Amnesia, is a form of memory loss in which a person loses some or all recollection of themselves and their past. In video games, it is a commonly used plot device in which the premise is set-up by way of the player taking control of an amnesiac protagonist.
Developers use this conceit to explain who the character really is throughout the story without having to use a lot of exposition up front. Over the course of the game, the protagonist's memory is either restored piecemeal or all at once, filling blanks in the story.
In reality, there are different forms of amnesia. Retrograde amnesia is the form most commonly depicted in fiction; patients that suffer from it have lost their memory of some or all of their past. Anterograde amnesia, on the other hand, inhibits the patient's ability to create and retain new memories. Their minds in essence continually reset to a state in which they cannot remember anything beyond a specific point in their lives.
Examples in Video Games
Psychic City / Hoshi wo Miru Hito
In the 1984 cyberpunk role-playing game Psychic City, and its 1987 NES console remake Hoshi wo Miru Hito, the protagonist is a psychic who has no memory of who he is. He soon discovers that he, along with other fellow psychics, are being pursued, due to the city's inhabitants being brainwashed into believing that psychics are a threat to humanity. It is later revealed that a supercomputer has been controlling the minds of the city's inhabitants and is intent on capturing psychics.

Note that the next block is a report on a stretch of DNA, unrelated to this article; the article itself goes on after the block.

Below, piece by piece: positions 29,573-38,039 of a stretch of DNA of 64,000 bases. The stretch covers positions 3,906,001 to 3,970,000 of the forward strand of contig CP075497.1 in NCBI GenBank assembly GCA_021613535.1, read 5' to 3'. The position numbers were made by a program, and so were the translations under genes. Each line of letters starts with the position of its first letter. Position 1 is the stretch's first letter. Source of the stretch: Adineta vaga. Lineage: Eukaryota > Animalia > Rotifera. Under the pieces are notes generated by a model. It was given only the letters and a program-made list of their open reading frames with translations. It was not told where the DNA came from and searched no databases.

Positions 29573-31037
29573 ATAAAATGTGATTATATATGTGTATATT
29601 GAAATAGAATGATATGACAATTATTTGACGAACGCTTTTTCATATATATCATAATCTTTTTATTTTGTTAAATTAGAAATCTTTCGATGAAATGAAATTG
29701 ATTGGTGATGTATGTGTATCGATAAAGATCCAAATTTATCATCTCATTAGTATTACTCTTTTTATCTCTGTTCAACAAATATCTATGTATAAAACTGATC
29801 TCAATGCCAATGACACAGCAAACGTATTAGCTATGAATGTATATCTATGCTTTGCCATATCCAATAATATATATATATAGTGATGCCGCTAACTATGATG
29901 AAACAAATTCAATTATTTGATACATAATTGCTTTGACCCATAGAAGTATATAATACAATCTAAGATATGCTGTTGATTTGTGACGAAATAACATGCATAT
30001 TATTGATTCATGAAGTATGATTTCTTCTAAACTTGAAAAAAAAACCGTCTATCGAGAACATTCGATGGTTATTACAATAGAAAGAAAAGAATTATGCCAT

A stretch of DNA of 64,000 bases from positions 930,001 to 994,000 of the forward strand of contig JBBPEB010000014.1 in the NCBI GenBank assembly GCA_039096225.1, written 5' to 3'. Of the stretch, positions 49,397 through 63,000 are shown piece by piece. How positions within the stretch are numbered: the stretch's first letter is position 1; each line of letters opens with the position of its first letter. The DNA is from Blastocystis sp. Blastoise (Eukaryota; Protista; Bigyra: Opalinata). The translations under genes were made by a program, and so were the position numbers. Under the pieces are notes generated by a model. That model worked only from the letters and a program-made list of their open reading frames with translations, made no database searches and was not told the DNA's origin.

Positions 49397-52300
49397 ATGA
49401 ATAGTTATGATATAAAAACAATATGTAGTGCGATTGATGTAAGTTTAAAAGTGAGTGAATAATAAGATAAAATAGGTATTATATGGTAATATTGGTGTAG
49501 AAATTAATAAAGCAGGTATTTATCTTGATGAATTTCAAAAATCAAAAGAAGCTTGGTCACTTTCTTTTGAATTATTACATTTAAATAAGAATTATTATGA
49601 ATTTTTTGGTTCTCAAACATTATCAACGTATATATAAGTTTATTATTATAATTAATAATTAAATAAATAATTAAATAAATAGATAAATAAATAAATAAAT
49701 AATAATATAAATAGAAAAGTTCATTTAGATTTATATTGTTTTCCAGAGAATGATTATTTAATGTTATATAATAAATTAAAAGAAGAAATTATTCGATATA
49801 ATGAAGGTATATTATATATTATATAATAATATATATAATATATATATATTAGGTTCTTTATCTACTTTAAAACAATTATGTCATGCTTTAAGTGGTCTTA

Deja Vu: A Nightmare Comes True
In the 1985 graphic adventure title Deja Vu: A Nightmare Comes True, the player character starts the game off by awakening in a toilet stall with his memory completely wiped. He soon finds himself embroiled in a murder mystery, in which he appears to be a prime suspect. When he finally regains his memory, the protagonist remembers that he is Ace Harding, a private investigator, and he had been drugged into an amnesiac state and framed for the murder.
In 1986, Squaresoft's cyberpunk adventure / visual novel game, Alpha, added its own twist to the amnesia trope: amnesiac immortality. In this case, the amnesiac character in question doesn't remember her identity, but believes herself to be human, before a twist ending reveals that she was in fact an android who had been created centuries ago. The concept of amnesiac immortality would later be used more extensively in games such as Glory of Heracles III (whose writer Kazushige Nojima later wrote Final Fantasy VII), Planescape: Torment, Shadow of Memories, and Lost Odyssey.
The Magic of Scheherazade
The 1987 NES role-playing game The Magic of Scheherazade begins when one day a mass of demons suddenly attack Arabia at the evil magician Sabaron's command. The hero attempts to stop the assault, but fails miserably. As a result, his sweetheart Scheherazade is taken from him, he is flung into a different time period, and his memories are erased. With the help of his guide Coronya, the hero goes on a quest to regain his lost memories, return to his time period, and rescue Scheherazade. When he eventually regains his memories, he realizes that she was never kidnapped, but was accompanying him all along disguised as Coronya.
Final Fantasy VII
In 1997, Squaresoft's most famous game, Final Fantasy VII, inverted the amnesia trope. Instead of the usual formula of having a character attempt to discover their identity, the game instead concealed the fact that the character suffers from amnesia for much of the game. In this case, Cloud doesn't realize that he suffers from a false identity disorder and partial memory loss, up until a major plot twist in the second half of the game. Furthermore, it also inverted the usual trope of an involuntary, physically-caused amnesia, instead being a voluntary, denial/trauma-induced psychological disorder, in some ways anticipating twists later seen in games such as Metal Gear Solid 2 and Shadow of Memories or films such as Memento and Shutter Island.